The Aviation Operations, Safety, and Security Subcommittee of the Senate Commerce, Science and Transportation Committee will be holding a hearing on Tuesday on “Unmanned Aircraft Systems: Key Considerations Regarding Safety, Innovation, Economic Impact, and Privacy”. The witness list includes:

• Margaret Gilligan, Federal Aviation Administration;
• John B. Morris, Jr., National Telecommunications and Information Administration;
• Gerald Dillingham, Government Accountability Office;
• John Villasenor, The Brookings Institution;
• Paul Misener, Amazon, Inc.; and
• Jeff VanderWerff, the American Farm Bureau Federation

Looking at the witness list it would not seem that UAV operations over critical infrastructure will get much in the way of mention at this hearing.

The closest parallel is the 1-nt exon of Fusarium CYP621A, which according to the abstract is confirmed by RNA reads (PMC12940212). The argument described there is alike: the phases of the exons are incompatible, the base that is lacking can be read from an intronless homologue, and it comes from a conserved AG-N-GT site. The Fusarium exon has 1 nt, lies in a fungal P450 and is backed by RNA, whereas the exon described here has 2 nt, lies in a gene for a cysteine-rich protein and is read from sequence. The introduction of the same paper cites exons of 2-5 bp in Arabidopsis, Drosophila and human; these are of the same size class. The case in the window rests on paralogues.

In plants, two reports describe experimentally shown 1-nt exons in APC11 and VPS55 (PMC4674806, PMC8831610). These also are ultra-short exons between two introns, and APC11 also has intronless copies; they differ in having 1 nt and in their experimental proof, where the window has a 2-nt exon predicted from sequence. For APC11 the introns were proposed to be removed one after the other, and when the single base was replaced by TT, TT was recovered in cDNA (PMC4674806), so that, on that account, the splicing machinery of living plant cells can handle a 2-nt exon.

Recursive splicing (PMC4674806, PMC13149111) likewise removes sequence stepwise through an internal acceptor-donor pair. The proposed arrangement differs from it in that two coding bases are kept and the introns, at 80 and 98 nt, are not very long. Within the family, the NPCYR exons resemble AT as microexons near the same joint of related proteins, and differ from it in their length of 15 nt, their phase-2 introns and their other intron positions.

Railroad Safety

The Senate Commerce Science and Transportation Committee will hold a business meeting on Wednesday that will include a markup of S.650, the Railroad Safety and Positive Train Control Extension Act.


I have just briefly reviewed this bill and, as expected, it would extend the current positive train control (PTC) installation deadline from December of this year until 2020 and provide authority to the Secretary of Transportation to further extend that deadline on a case-by-case basis until 2012.